Life has ups and downs – peaks and valleys. It is really like a rollercoaster ride – slow ascents and fast descents. Sometimes the descent is so fast that we hit the valley experience of life and get stuck there. This stagnate place is aptly named depression.
Let us be honest. We all have landed in that valley-so-low at some point. It really does not matter how we got there as it is a part of the human experience. But what does matter is how long we stayed there. A long stay can result in a serious emotional illness.
It is important for us, especially as women, to identify when we are having emotional distress that is leading to depression. Sometimes the symptoms can be subtle and manifest into strange behaviors.
Symptoms of depression in women include:
• persistent sad, anxious, or “empty” mood
• loss of interest or pleasure in activities, including sex
• restlessness, irritability, or excessive crying
• feelings of guilt, worthlessness, helplessness, hopelessness, pessimism
• sleeping too much or too little, early-morning awakening
• appetite and/or weight loss or overeating and weight gain
• decreased energy, fatigue, feeling “slowed down”
• thoughts of death or suicide, or suicide attempts
• difficulty concentrating, remembering, or making decisions
• persistent physical symptoms that do not respond to treatment, such as headaches, digestive disorders, and chronic pain
It is rumored that healthcare professionals have on the average about 7 minutes to spend with a patient. So, the knee-jerk response to addressing depression, especially in women, is to prescribe anti-depressants. Also, in some cases, middle-aged women with menopausal symptoms have been prescribed anti-depressants instead of hormone replacement therapy.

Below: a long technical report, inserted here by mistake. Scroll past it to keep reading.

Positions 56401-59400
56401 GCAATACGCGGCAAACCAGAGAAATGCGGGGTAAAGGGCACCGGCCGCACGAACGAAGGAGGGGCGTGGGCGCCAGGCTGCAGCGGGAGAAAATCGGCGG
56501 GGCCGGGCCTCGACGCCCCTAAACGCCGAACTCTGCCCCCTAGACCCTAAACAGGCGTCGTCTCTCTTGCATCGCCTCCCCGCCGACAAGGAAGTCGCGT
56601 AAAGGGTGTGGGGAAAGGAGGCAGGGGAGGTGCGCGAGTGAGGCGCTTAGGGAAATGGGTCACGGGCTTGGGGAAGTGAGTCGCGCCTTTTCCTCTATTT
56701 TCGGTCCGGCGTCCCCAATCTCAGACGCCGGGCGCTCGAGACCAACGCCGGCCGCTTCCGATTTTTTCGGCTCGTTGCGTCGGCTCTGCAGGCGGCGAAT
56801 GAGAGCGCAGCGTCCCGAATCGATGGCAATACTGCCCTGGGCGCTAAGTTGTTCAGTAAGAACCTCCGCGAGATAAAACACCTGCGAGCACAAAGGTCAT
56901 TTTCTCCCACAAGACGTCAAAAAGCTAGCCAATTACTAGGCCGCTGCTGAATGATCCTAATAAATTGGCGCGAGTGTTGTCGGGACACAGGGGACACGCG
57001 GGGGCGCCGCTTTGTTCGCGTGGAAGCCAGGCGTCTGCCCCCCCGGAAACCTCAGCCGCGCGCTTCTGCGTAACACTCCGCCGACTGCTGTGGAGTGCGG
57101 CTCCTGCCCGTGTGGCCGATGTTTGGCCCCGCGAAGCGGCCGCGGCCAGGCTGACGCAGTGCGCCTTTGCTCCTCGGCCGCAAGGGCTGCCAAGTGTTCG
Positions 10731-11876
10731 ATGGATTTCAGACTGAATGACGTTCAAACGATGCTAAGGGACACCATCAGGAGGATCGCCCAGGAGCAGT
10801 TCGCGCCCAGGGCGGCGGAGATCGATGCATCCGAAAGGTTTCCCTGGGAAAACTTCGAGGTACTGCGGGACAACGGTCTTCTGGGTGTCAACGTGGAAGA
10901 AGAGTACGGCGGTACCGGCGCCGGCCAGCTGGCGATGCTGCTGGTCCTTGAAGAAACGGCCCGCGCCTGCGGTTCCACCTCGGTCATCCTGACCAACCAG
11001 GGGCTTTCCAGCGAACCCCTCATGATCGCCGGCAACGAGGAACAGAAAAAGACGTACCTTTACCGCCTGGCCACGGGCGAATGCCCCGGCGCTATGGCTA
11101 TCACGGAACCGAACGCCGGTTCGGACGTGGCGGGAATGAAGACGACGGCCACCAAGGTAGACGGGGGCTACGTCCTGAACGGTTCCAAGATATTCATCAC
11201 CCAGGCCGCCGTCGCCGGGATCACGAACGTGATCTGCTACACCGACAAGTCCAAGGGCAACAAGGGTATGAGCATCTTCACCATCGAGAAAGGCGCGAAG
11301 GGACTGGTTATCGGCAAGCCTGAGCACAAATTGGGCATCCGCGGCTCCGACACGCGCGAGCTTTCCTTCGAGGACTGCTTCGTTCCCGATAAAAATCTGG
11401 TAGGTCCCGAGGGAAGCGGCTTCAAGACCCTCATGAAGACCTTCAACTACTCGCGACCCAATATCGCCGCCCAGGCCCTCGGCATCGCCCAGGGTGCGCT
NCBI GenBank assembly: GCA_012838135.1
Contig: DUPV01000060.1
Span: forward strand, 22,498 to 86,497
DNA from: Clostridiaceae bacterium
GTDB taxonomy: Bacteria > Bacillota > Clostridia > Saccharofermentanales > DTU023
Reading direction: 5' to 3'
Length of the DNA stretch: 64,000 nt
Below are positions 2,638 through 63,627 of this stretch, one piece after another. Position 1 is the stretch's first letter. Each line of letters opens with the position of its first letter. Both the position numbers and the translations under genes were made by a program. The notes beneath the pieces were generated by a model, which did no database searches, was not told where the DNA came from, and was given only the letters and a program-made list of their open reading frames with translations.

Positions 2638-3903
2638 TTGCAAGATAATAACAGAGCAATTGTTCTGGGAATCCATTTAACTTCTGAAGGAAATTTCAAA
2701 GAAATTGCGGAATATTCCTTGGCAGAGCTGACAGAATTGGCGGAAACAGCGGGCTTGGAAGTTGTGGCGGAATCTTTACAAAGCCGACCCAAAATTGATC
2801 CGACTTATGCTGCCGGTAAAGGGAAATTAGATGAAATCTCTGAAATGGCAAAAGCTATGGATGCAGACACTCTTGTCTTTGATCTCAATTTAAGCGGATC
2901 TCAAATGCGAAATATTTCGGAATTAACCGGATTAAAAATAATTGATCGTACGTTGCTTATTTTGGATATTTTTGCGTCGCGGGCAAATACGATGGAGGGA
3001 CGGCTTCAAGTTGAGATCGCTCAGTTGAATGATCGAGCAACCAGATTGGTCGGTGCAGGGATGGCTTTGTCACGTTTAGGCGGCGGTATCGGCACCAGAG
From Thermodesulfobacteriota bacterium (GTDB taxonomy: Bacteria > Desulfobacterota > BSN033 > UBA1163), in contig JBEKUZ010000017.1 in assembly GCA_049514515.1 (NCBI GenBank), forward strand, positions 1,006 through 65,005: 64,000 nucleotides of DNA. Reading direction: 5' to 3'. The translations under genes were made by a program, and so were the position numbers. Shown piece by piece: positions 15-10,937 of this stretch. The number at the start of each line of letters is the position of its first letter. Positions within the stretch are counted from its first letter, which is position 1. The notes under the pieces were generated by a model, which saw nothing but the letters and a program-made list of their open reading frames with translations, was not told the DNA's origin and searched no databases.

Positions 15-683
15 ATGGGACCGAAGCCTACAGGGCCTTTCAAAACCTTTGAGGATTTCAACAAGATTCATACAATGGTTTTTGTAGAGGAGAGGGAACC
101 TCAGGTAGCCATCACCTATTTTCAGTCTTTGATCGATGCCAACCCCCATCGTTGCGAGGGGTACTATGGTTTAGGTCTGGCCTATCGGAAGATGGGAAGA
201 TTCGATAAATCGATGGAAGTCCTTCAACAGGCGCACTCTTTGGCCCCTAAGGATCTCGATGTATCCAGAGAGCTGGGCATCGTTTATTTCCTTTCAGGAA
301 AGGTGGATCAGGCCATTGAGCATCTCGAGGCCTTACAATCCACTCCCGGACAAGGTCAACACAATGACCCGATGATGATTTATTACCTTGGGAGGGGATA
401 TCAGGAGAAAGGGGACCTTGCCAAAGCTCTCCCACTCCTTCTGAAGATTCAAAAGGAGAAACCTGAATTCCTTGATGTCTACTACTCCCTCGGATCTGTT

It is reported that 1 in 3 women have used anti-depressants at some time in their life and that 46 percent of women currently using them have done so for at least five years. It is truly an epidemic.
Plus, the anti-depressants have side effects that can possibly exacerbate the situation. Have you ever really listened to the television advertisements for anti-depressants? The list of the side-effects is twice as long as the description of the benefits!
Of course, there are valid medical (hormonal levels) and psychological reasons (childhood trauma, family predisposition, etc.) for depression but there are also some opinions that many forms of depression are normal and natural – serving an evolutionary purpose as an adaptive response to pain and affliction.
This school of thought indicates that taking anti-depressants can prohibit the mind and body from working through a needed struggle. It is also suggested that one of the best antidotes for depression is a strong, non-judgmental support system.
In other words, you need a strong, caring, trustworthy girlfriend with good listening skills.
This recommendation resonated with me as this has been my approach through those “valley” moments in my life and I have sought to be that type of friend to my girlfriends when I detected they were having “valley” moments.
Here are some other natural methods to combat depression:
• Eat a balanced diet, avoiding foods with high sugar content.
• Take a good multivitamin-mineral combination, including omega-3’s (EPA and DHA).
• Make sure you get adequate Vitamin D, preferably from the natural sunlight.
• Get at least 8 hours of sleep each night.
• Exercise 4–6 times a week for 30–60 minutes, preferably outdoors.
• Avoid alcohol.
• Try drug-free relaxation methods such as transcendental meditation or yoga.
A really good tip is to use this “valley” opportunity to take a view into what is going on in your life and how you are feeling about it. Usually, you will find there are valid reasons for the depression. This realization can prompt you to actively seek the appropriate help and start that “ascent” out of the valley.
Remember, there is a reason the ascent on life’s rollercoaster is slower than the descent. We have a lot to evaluate and retain as we rise up.
Have you ever used anti-depressants for depression? If so, please share your experience.
Have you ever had a girlfriend that really helped you out of a “valley” moment in your life? If so, please share your experience.
Would you rather take anti-depressants instead of hormone replacement therapy for menopausal symptoms?
Do you believe that some forms of depression is normal and natural in the human experience?